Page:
With tax time rapidly approaching we are often looking for ways to make deductions to reduce tax bill. However, it is also a great time to plan for ways to make the most of your tax deductions in the year ahead. Perhaps one of the most satisfying manners in which to save on taxes, is by making a donation to the charity of your choice. Not only does giving to a charitable organization provide you with the satisfaction and good will associated with giving back, charitable gifts to 501(c)(3) organizations are tax deductible. So, in addition to that good feeling associated with giving, you get the good feeling that is associated with saving on taxes. If you are planning for ways to receive additional tax deductions in the year ahead, a gift to a charity is a great way to save.

The most common way to make a charitable donation is by simply writing a check to the charity of our choice; but, there are many other ways to give to a charity that provide significant tax benefits.

Gifts of Appreciated Stocks or Securities

By donating a stock, bond or mutual fund to a charity, you will avoid having to pay any capital gains taxes on the appreciation in value. Moreover, if you have owned the security for over a year, you can deduct the full market value rather than just the amount you invested. For example- you purchased stock for $1,000, and it later increased in value to $10,000. If you donate this stock to a charity, which sells the stock and receives $10,000 outright, you would receive a $10,000 charitable deduction. You would also avoid having to pay capital gains taxes on the increase in value.

Donate to a Community Foundation or Community Fund

Giving to community foundation or fund is an excellent way to give back to your local community. In addition to the federal tax benefits, giving to a community fund also provides state tax benefits. The state of Montana provides a tax credit program for donations to a community foundation. Individuals are allowed a tax credit of up to 40% of the charitable contribution, with a maximum credit of $10,000 or $20,000 if filing jointly. Business entities are allowed of up to a $10,000 a year tax credit, or 20% of the donation amount.

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WOMAN 22   

For more information on Community Foundations in Montana or a listing of local community foundations in your area see Montana Community Foundation’s website at www.mtcf.org

Charitable Trusts

Charitable trusts are a great option for giving because most charitable trusts provide you with an immediate tax deduction, as well as payments of income to you during your lifetime. There are many options for charitable trusts, such as charitable remainder annuity trusts and charitable remainder unitrusts each with its own benefits and options for paying back income.

Charitable trusts can provide great benefits, but require strict adherence to the state and federal laws. If you are considering a charitable trust make sure you work with your financial planners, accountants, attorneys and other tax advisors to make sure a charitable trust makes sense for your particular situation.

Donate Real Estate or Conservation Easements

While many people are currently experiencing losses relating to real estate, there are others that own real estate with equity that they simply cannot sell due to the current market. If you are in a position where your real estate has retained equity, consider donating it to a charity or selling it to a charity at a bargain sale price. You will receive an immediate tax deduction and avoid paying capital gains on the increase in value. Here in Montana, many families have inherited homesteads or family farms. Some families may want to sell the family farm or homestead, but want to ensure that the natural value of the land is preserved for future generations. A good option to consider in this situation is a conservation easement. A conservation easement normally qualifies as a charitable contribution, whereby you could receive a charitable income tax deduction for the full value of the easement. A conservation easement is an individually drafted deed, which transferring development rights so that subsequent owners cannot exercise on those rights. Each conservation easement is unique to the land, individuals, and organizations involved. A conservation easement would not suit everyone, but it can be a very valuable benefit for those who are willing to give up development rights in exchange for income and estate tax benefits. It is important to work with an attorney familiar with conservation easements and to discuss options with a land trust or other organization familiar with these transactions.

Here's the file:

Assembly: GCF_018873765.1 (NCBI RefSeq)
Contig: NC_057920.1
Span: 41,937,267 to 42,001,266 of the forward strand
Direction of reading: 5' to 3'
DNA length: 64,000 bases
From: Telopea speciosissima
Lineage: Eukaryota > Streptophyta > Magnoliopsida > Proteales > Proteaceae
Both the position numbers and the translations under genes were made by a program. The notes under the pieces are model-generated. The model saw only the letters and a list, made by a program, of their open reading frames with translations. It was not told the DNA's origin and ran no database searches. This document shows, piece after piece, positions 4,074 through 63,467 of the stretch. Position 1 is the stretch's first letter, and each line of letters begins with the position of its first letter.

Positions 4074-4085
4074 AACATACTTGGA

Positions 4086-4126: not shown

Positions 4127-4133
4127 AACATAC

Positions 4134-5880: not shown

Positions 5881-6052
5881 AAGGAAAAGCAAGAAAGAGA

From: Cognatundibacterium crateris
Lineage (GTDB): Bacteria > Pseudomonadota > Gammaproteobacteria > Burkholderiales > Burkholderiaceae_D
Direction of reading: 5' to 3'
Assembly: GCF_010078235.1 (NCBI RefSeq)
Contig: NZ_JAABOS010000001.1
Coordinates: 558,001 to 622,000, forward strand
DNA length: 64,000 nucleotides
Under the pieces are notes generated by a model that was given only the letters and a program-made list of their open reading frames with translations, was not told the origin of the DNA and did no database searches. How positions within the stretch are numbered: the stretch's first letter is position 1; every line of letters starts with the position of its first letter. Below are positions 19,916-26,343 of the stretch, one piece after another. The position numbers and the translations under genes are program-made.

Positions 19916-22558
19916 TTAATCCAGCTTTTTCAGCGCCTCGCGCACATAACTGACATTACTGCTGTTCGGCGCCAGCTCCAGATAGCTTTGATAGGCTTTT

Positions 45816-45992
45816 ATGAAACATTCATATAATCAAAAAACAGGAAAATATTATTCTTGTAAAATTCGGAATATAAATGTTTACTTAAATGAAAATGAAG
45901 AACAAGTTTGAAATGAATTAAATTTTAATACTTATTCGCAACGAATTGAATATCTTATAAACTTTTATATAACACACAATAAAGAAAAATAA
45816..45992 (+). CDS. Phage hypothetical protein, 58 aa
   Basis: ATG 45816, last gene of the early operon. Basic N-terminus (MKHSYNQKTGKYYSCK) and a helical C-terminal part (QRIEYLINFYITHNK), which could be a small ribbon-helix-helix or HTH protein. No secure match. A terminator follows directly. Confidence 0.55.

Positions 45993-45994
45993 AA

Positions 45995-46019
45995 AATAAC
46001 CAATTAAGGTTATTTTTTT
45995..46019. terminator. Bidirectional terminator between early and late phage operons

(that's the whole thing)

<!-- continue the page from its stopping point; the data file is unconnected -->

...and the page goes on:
Bequests or Beneficiary Designations

While a bequest through a will or a beneficiary designation to a charity does not provide an immediate tax deduction, it can provide considerable longterm benefits. Perhaps the most significant benefit is that you retain control of your assets during your lifetime and ensure that you have the funds necessary to cover your family’s needs, while still providing a long-term benefit to a charity. Moreover, if your estate may be subject to estate taxes, a bequest is an effective way to reduce these taxes for your family. You can leave a bequest to a charity simply by including paragraph of instructions in your will or trust. Similarly, you can add the name of the nonprofit or charitable organization of your choosing to your IRA or life insurance policy beneficiary form.

The decision on how and when to give to a charity requires careful consideration, so be sure you discuss your decision with your family, as well as your attorney, financial, and tax advisors. However, a charitable donation will provide many tax advantages, as well as the good feeling of giving for a good cause.

If you have questions about charitable giving techniques, contact Kelly O’Brien, Measure, Sampsel, Sullivan & O’Brien, P.C. at (406) 752-6373/ www. measurelaw.com